Sunday 17 December 2017

Boyzone's Mikey Graham is the latest celebrity to be targeted by new Revenue scam

Melanie Finn

Melanie Finn

Boyzone's Mikey Graham has become the first celebrity to be targeted by a new Revenue scam that attempts to dupe members of the public out of thousands of euros. 

A gang of fraudsters targetted the singer this week and tried to elicit money out of the self-employed artist via his iTunes acccount. 

He was clearly left shaken after being contacted by a group with "Asian, Indian-type accent" who were "very threatening" in their manner and threatened him with jail if he didn't comply with their demands. 

He took to social media this afternoon to warn others to be extra vigilant when taking unsolicited calls of this nature, saying that he knew it wasn't a legitimate phone call when they couldn't quote his PPS number. 

"Alert to everyone. I received a fraudulent call from +3531 5133444 pretending that I owed tax money and to pay it in the next 1.30 hours. 

"Please be aware that they are very threatening and tell you the only way to pay is through iTunes. Thankfully, all my taxes are always in order.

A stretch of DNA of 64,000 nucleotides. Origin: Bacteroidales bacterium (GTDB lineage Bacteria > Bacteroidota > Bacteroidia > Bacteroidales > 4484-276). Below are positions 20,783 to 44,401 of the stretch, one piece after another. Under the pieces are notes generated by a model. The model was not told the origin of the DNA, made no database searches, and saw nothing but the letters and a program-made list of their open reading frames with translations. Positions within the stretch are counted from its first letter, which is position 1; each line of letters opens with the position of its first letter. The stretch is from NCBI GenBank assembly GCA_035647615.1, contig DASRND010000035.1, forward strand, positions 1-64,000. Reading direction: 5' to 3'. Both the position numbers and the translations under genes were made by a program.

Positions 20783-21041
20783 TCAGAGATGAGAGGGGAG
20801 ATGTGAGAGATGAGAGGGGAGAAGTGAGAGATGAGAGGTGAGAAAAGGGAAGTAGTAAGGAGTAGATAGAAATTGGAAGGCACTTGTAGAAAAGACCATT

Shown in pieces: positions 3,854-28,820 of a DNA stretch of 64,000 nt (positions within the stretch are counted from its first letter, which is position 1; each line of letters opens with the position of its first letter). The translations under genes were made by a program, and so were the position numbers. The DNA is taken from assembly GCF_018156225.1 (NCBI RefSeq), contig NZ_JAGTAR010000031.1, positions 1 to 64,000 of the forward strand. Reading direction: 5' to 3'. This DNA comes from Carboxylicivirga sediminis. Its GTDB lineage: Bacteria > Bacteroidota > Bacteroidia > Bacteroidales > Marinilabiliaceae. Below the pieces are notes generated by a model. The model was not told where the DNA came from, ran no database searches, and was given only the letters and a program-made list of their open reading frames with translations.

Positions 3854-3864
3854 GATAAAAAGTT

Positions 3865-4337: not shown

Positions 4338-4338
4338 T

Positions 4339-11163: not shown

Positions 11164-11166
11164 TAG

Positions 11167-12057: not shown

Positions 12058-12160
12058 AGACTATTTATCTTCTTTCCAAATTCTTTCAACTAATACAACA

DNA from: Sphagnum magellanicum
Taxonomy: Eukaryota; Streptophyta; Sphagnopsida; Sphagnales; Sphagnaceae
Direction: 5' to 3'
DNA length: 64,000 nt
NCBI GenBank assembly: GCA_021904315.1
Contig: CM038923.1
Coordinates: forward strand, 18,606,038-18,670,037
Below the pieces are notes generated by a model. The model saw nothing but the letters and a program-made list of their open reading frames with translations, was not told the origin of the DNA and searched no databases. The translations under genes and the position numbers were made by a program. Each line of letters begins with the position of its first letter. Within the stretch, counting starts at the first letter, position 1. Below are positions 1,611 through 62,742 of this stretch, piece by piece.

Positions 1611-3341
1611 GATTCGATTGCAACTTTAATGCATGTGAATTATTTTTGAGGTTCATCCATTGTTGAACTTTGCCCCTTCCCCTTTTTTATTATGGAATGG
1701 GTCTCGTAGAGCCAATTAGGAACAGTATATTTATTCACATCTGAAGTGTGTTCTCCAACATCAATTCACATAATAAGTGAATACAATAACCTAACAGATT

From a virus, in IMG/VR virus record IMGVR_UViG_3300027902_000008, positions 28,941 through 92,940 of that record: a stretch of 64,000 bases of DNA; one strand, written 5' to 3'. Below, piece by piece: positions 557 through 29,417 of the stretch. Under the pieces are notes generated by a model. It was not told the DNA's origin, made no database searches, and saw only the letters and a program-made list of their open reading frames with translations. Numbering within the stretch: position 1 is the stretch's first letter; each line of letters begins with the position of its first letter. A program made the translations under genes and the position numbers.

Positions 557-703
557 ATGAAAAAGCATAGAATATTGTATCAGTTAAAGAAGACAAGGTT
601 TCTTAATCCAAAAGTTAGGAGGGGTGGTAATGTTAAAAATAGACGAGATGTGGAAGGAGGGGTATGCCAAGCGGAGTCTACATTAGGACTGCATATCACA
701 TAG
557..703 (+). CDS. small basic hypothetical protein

"But they said I would be arrested and jailed if I did not comply. But they could not quote my social security number to me. Please spread the word so no-one else has to endure what I just went through. 

"They had Asian, Indian-type accents and were very stern and authoritative sounding."

As revealed last week on, the new scan sees fake Revenue employees asking potential victims to transfer their 'tax settlement' in iTunes vouchers. 

The Office of the Revenue Commissioner has warned the public to be vigilant to these kind of scams which they say are "very common." 

One man contacted his website to say that he was contacted by a Dublin number and a computerised message told him a legal notice was being served against him. 

When he rang the number back, he was told by a man with an Indian accent that he owed more than €3,000 due to a "miscalculation" in tax, dating back to 2013. 

The individual in question had recently paid a Revenue tax bill. 

He was subsequently given an hour and a half to transfer the funds via n iTunes voucher and to keep the issue confidential as he was being given "special treatment." 

But when the man he was speaking to requested his PPS number, he hung up the phone.

Anyone who receives a correspondence from someone claiming to be from the Revenue should verify this by contacted its Collector General's Division. 

Mikey Graham has been contacted for further comment. 

Online Editors

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